But instead of harming state schools and hospitals, perhaps the State Assembly could simply correct the budgetary errors it’s directly responsible for itself.
Using The State’s online interactive graph for selective measurement, reinstatement of previously-removed fund sources could balance the budget and then some.
In particular, bringing back particular sales taxes that Republicans in state government either dramatically reduced or completely repealed would produce the missing funds.
And not only would those formerly-used tax rates bring money back to the coffers, but they would do so fairly at flat percentage rates. Some of the current taxes are unfairly applied, and hurt middle and low-income residents most of all.
Take South Carolina’s current vehicle tax, for example. It’s currently calculated at five percent rate to a ceiling of $300.
The sales tax a consumer pays for a $6,000 used automobile, then, is the same amount he or she would be charged for a $600,000 new car.
In other words, you can be a cash-strapped mom buying a 2002 Chevy Malibu or a money-dripping heiress acquiring a 2011 Lamborghini Enzo; the vehicle sales tax you’ll pay is the exact same amount. That $300 might not be more than a happy meal to the heiress, but it can cover a year’s worth of liability insurance for the mom.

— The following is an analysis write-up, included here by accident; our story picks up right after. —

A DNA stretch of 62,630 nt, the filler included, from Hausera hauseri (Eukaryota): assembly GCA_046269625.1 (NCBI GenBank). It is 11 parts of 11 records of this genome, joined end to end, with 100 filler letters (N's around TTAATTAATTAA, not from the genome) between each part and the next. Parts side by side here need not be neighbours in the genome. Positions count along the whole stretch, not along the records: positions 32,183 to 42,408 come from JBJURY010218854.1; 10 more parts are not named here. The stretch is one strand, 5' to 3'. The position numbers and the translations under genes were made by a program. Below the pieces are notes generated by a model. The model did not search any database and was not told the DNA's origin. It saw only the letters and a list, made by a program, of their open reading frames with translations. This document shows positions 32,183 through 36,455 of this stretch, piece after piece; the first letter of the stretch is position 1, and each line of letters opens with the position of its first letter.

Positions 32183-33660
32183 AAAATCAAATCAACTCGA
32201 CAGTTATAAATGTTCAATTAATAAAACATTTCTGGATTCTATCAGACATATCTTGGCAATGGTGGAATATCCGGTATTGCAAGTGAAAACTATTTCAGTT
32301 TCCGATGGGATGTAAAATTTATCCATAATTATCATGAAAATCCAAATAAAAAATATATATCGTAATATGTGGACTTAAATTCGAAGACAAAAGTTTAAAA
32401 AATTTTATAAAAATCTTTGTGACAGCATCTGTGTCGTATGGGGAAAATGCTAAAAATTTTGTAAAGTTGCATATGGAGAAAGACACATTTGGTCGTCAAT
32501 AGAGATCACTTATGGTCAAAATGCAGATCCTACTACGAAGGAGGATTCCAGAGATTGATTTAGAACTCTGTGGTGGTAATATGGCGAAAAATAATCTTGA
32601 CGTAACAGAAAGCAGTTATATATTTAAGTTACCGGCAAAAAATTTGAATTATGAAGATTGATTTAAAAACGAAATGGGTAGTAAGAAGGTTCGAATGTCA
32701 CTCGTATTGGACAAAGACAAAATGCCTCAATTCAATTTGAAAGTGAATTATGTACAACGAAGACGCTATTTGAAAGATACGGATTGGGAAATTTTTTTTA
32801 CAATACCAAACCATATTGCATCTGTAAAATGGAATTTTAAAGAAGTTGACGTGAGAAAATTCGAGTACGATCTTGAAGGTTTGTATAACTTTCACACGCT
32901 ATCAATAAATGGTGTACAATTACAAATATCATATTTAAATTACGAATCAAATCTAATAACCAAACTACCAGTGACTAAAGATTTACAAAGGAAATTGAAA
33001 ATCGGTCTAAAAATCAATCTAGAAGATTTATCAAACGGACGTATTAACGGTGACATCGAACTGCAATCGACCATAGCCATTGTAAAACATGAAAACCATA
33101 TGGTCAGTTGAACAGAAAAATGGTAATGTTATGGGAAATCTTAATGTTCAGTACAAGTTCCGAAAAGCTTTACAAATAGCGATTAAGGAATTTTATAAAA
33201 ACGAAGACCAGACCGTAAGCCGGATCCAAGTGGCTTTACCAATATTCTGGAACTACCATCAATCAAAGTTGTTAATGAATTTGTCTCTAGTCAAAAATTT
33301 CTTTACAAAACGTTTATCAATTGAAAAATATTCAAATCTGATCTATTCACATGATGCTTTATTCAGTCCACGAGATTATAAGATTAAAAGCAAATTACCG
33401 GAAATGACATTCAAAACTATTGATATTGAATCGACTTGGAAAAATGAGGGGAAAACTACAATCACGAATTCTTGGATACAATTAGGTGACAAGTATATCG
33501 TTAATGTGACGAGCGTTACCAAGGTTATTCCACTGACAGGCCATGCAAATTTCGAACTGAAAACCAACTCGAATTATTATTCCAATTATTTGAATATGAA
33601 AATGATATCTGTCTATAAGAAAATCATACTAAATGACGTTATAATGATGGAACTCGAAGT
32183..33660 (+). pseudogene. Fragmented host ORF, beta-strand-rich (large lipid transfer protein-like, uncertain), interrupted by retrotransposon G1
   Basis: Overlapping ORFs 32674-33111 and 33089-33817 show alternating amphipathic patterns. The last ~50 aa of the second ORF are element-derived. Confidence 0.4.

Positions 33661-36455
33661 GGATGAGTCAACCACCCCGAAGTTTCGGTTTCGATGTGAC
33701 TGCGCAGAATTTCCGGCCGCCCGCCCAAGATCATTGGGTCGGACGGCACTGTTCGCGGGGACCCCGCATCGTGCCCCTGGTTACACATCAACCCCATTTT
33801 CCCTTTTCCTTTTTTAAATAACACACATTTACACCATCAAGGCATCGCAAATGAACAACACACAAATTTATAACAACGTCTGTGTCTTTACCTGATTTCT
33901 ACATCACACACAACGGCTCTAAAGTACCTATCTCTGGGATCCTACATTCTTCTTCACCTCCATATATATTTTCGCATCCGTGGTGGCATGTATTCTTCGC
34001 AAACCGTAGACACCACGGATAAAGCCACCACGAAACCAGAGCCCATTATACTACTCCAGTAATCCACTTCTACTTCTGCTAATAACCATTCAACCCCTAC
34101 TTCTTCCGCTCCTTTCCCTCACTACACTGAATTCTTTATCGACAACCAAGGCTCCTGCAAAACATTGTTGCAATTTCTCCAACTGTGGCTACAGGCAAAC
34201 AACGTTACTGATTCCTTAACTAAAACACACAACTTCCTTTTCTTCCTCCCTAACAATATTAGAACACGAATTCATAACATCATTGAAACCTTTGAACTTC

According to the National Automobile Dealers Association, motor vehicles make up 12.3 percent of all retail sales in South Carolina. These current tax rates generated only $42 million from car sales (new and used) in 2009, resulting in an average of only 0.86 percent.
An additional $60 million could be generated if the $300 cap rate would be repealed, according to the state’s Taxation Realignment Commission, more than doubling the amount currently produced.
Just the source of that information itself should indicate its non-partisan foundation, please note. TRAC is chaired by none other than noted Republican Burnet R. Maybank III, who was appointed to that position by Republican state Sen. Glenn McConnell, was director of the state Dept. of Revenue under Republican Gov. Mark Sanford and Republican Gov. David Beasley, and who was legal counsel to Republican Gov. Carroll Campbell.
And even though I agree with TRAC that the regular vehicle tax should be reinstated, I still disagree with it on one crucial point: this could generate much, much more than another $60 million.
Considering new cars alone, South Carolina produced over $3 billion in sales for 2009. That was a very stale year, too; for example, over 200,000 new cars were sold statewide in 2007, but only 120,000 in ’09.
But had the normal five percent rate been applied in that last reported year, the amount of sales tax produced on new cars alone would have been $152.566 million. That’s another $110 million, almost four times more than the state collected in taxes on the sales of all vehicles, both new and used, for that year alone – and almost one-fifth of the total amount South Carolina now finds itself short.
So if the State Assembly is serious about correcting the budget, the one thing it should think about is undoing the budget breakers its Republican majority started in the first place.
All it has to do is consult The State’s interactive graph to see how easy it would be.